Some called Trump’s focus on sovereignty a gift to China, Russia, and other nations who often use sovereignty in their attempts to deflect criticism for their internal repressions, or concluded that his speech was inconsistent in its simultaneous insistence on national sovereignty and justification for U.S. actions outside its borders. 

Was President Reagan giving a similar gift to the Soviet Union in his 1983 UN speech? “The United States, today as in the past, is a champion of freedom and self-determination for all people. We welcome diversity; we support the right of all nations to define and pursue their national goals. We respect their decisions and their sovereignty, asking only that they respect the decisions and sovereignty of others.”

The U.S. cannot prevent Chinese or Russian misuse and abuse of the term of sovereignty. It can only explain its view on what it means and why it is important.

Here Trump could have been more explicit.

Trump clearly linked sovereignty to the consent of the governed when he quoted the U.S. Constitution. He twice implied that sovereignty came with responsibilities, noting that the U.S. expects all nations to uphold “two core sovereign duties” of respecting the “interests of their own people and the rights of every other sovereign nation.”

He later warned, “America stands with every person living under a brutal regime. Our respect for sovereignty is also a call for action. All people deserve a government that cares for their safety, their interests, and their well-being, including their prosperity.”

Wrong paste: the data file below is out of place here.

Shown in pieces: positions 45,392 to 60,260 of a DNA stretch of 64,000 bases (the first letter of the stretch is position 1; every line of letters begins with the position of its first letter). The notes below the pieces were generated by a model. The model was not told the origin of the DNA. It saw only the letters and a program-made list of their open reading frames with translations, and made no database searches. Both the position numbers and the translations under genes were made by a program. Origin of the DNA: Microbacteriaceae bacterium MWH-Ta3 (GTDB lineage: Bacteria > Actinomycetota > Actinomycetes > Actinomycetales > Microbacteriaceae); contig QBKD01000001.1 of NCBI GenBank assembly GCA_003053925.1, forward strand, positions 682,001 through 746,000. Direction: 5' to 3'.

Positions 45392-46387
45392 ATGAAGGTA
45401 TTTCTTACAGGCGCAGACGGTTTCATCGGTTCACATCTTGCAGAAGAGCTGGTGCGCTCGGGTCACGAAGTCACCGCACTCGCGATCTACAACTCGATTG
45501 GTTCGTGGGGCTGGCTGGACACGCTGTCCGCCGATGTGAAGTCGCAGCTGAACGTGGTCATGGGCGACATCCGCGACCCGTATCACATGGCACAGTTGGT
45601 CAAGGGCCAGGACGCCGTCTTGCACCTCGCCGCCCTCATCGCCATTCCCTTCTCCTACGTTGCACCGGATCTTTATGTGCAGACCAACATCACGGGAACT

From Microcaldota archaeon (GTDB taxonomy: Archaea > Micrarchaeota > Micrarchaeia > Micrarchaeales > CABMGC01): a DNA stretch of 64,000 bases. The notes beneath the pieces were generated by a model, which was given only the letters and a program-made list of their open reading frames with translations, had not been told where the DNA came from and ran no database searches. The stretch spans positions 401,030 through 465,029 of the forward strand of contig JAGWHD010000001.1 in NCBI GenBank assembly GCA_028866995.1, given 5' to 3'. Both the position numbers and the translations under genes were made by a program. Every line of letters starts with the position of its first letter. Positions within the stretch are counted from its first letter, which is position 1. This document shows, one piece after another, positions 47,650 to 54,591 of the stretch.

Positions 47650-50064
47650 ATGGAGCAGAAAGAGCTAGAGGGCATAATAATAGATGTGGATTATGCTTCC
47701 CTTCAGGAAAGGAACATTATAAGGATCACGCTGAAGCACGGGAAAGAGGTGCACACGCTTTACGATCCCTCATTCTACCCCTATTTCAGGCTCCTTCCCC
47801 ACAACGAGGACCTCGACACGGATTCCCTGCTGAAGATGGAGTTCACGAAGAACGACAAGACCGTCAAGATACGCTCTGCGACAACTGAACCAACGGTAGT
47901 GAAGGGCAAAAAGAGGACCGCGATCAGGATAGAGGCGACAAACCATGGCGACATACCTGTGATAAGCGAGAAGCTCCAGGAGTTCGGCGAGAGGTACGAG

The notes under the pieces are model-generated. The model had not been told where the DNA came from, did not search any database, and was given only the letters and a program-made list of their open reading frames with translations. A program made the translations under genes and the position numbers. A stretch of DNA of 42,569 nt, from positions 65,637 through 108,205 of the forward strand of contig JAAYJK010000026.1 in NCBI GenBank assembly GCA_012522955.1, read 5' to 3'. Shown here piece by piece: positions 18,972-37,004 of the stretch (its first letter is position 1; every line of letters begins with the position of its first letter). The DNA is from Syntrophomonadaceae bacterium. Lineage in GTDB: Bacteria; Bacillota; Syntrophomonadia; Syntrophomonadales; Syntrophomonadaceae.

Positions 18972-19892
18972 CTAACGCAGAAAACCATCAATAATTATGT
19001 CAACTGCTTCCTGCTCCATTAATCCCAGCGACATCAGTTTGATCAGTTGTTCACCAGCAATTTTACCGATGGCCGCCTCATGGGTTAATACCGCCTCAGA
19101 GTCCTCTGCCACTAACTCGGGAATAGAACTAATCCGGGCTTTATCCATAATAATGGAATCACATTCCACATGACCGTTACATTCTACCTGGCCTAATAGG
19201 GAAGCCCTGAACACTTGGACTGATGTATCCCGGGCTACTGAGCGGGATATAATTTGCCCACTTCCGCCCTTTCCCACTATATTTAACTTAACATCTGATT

In other words, threatening the safety and security of Americans is ample justification for intervention in the affairs of other nations as is taking prudent, reasonable steps to help people achieve the true sovereignty of representative government.

In sum, Trump’s speech was unique in style, but traditional in content. As noted by David Ignatius, “When you discount the rhetorical overkill, the most surprising thing about President Trump’s address to the United Nations on Tuesday was how conventional it was. He supported human rights and democracy; he opposed rogue regimes; he espoused a global community of strong, sovereign nations. Pretty shocking stuff.”


Brett D. Schaefer is the Jay Kingham Fellow in International Regulatory Affairs at the Heritage Foundation‘s Margaret Thatcher Center for Freedom.

Tags Brett Schaefer Little Rocket Man North Korea Rocket Man United Nations